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Viewership numbers from the GAO

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Anonymous
March 5, 2005 10:59:33 AM

Archived from groups: alt.tv.tech.hdtv (More info?)

<http://broadcastengineering.com/newsletters/rfupdate/20...;

Just to counter bob's lies and distortions:

At a Feb. 17 hearing, Mark Goldstein, GAO Director, Physical
Infrastructure, revealed to the subcommittee findings of a survey it had
commissioned to determine how many viewers might require a set-top box
and the cost of subsidizing those devices. Among the findings he
reported were:

* 19 percent, roughly 21 million U.S. households rely exclusively
on free over-the-air television
* 57 percent, nearly 64 million households view via cable
* 19 percent, or about 22 million subscribe to a DBS service
* 48 percent of OTA households have incomes under $30,000
* 29 percent of cable and DBS households have incomes under $30,000
* 6 percent of OTA households have incomes exceeding $100,000
* 13 percent of cable and DBS households have incomes exceeding
$100,000

It doesn't take a genius, though bob still can't figure it out, one of
the major reasons HDTV rollout has been slow is the cost of the display
and receiver. Now that receivers will be integrated into most large sets
and the prices of large sets has dropped out of the stratosphere, look
for the uptake rate to increase.

Matthew

--
Thermodynamics and/or Golf for dummies: There is a game
You can't win
You can't break even
You can't get out of the game

More about : viewership numbers gao

Anonymous
March 7, 2005 7:23:55 AM

Archived from groups: alt.tv.tech.hdtv (More info?)

"Matthew L. Martin" <nothere@notnow.never> wrote in message
news:112jb9l2qufji61@corp.supernews.com...
> <http://broadcastengineering.com/newsletters/rfupdate/20...;
>
> Just to counter bob's lies and distortions:
>
> At a Feb. 17 hearing, Mark Goldstein, GAO Director, Physical
> Infrastructure, revealed to the subcommittee findings of a survey it had
> commissioned to determine how many viewers might require a set-top box and
> the cost of subsidizing those devices. Among the findings he reported
> were:
>
> * 19 percent, roughly 21 million U.S. households rely exclusively on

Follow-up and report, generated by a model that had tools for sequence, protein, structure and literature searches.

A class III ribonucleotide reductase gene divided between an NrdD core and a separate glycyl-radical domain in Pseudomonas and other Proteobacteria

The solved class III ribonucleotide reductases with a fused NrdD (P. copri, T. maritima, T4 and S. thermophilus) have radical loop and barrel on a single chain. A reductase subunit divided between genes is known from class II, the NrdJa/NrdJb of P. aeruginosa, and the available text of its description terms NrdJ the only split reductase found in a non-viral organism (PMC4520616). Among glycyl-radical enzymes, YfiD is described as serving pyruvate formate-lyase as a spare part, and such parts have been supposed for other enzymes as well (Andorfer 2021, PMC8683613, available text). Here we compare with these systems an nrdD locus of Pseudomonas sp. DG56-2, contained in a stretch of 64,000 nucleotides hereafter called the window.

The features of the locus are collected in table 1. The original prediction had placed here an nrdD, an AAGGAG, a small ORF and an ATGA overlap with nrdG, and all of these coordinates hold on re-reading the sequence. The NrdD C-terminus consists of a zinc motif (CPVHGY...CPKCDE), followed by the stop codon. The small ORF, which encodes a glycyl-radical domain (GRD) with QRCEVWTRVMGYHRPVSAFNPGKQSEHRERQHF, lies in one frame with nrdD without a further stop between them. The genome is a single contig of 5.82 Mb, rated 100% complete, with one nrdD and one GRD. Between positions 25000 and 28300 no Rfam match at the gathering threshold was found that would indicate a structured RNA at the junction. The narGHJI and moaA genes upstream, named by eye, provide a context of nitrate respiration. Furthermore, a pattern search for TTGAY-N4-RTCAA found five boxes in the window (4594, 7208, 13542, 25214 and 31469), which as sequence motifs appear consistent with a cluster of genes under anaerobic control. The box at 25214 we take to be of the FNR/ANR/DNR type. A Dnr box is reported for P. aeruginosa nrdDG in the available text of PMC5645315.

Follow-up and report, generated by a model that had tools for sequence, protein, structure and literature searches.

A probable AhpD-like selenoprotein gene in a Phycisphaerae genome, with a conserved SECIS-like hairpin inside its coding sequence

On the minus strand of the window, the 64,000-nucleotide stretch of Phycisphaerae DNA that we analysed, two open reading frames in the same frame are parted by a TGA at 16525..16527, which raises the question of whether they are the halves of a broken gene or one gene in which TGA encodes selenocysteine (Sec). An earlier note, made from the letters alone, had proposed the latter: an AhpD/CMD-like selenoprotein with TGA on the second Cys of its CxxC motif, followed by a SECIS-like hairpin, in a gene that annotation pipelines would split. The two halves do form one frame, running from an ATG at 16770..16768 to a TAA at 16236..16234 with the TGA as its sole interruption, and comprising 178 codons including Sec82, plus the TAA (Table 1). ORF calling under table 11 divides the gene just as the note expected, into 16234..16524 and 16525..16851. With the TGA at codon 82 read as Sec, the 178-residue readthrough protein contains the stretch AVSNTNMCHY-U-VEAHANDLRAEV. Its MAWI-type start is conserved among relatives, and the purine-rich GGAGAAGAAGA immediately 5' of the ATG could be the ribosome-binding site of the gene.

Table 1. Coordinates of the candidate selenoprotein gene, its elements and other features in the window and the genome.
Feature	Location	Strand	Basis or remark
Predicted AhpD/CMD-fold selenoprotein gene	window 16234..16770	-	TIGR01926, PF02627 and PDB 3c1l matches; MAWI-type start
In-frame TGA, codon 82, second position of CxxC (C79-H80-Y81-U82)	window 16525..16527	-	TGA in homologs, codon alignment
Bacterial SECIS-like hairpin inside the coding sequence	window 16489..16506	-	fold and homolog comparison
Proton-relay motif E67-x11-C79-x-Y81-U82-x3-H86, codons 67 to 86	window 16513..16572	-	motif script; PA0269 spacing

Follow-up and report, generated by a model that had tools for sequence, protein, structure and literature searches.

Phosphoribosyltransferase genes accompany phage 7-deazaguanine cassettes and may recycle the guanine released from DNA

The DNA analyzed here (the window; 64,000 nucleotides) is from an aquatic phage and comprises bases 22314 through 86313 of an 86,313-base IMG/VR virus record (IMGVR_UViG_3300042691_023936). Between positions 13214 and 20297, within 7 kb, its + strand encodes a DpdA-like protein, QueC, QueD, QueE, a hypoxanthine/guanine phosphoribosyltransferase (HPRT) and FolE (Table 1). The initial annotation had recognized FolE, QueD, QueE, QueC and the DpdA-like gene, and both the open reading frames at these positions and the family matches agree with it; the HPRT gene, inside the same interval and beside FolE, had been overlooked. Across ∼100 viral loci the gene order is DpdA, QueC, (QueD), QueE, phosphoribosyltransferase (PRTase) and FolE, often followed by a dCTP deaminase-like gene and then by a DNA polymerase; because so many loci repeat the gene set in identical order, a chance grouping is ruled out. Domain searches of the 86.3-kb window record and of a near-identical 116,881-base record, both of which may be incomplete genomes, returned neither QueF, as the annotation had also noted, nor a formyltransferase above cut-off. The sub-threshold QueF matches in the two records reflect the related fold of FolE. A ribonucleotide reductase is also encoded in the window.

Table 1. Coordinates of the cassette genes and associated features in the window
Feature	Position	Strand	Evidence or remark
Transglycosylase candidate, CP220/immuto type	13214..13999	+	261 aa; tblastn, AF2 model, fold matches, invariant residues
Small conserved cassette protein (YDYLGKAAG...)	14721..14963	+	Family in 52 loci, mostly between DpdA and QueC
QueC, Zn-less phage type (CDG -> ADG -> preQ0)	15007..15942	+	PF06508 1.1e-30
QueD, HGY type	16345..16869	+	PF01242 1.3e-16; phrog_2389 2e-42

> free over-the-air television
> * 57 percent, nearly 64 million households view via cable
> * 19 percent, or about 22 million subscribe to a DBS service
> * 48 percent of OTA households have incomes under $30,000
> * 29 percent of cable and DBS households have incomes under $30,000
> * 6 percent of OTA households have incomes exceeding $100,000
> * 13 percent of cable and DBS households have incomes exceeding
> $100,000
>
> It doesn't take a genius, though bob still can't figure it out, one of the
> major reasons HDTV rollout has been slow is the cost of the display and
> receiver. Now that receivers will be integrated into most large sets and
> the prices of large sets has dropped out of the stratosphere, look for the
> uptake rate to increase.

I suppose...but it also validates his contention that a UK-like model of
digital SD multicast with low-cost receivers most likely would have been
much more popular than HD has proven to be. USDTV is sort of the right idea,
but not really. At $20/month, it's not really cheaper than basic analog
cable, but with fewer channels, and it's only available in a few areas.
Anonymous
March 7, 2005 10:29:08 AM

Archived from groups: alt.tv.tech.hdtv (More info?)

Matthew Vaughan wrote:
> "Matthew L. Martin" <nothere@notnow.never> wrote in message
> news:112jb9l2qufji61@corp.supernews.com...
>
>><http://broadcastengineering.com/newsletters/rfupdate/20...;
>>
>>Just to counter bob's lies and distortions:
>>
>>At a Feb. 17 hearing, Mark Goldstein, GAO Director, Physical
>>Infrastructure, revealed to the subcommittee findings of a survey it had
>>commissioned to determine how many viewers might require a set-top box and
>>the cost of subsidizing those devices. Among the findings he reported
>>were:
>>
>> * 19 percent, roughly 21 million U.S. households rely exclusively on
>>free over-the-air television
>> * 57 percent, nearly 64 million households view via cable
>> * 19 percent, or about 22 million subscribe to a DBS service
>> * 48 percent of OTA households have incomes under $30,000
>> * 29 percent of cable and DBS households have incomes under $30,000
>> * 6 percent of OTA households have incomes exceeding $100,000
>> * 13 percent of cable and DBS households have incomes exceeding
>>$100,000
>>
>>It doesn't take a genius, though bob still can't figure it out, one of the
>>major reasons HDTV rollout has been slow is the cost of the display and
>>receiver. Now that receivers will be integrated into most large sets and
>>the prices of large sets has dropped out of the stratosphere, look for the
>>uptake rate to increase.
>
>
> I suppose...but it also validates his contention that a UK-like model of
> digital SD multicast with low-cost receivers most likely would have been
> much more popular than HD has proven to be.

So what? Color took a very long time to get where HDTV is now. Almost
all scripted shows on all major networks are available in HDTV. It took
a lot longer for color broadcasts to get that level of dominance.

> USDTV is sort of the right idea,
> but not really. At $20/month, it's not really cheaper than basic analog
> cable, but with fewer channels, and it's only available in a few areas.

Few? Try three. They also appear to be morphing into a dial up ISP.

Matthew

--
Thermodynamics and/or Golf for dummies: There is a game
You can't win
You can't break even
You can't get out of the game
!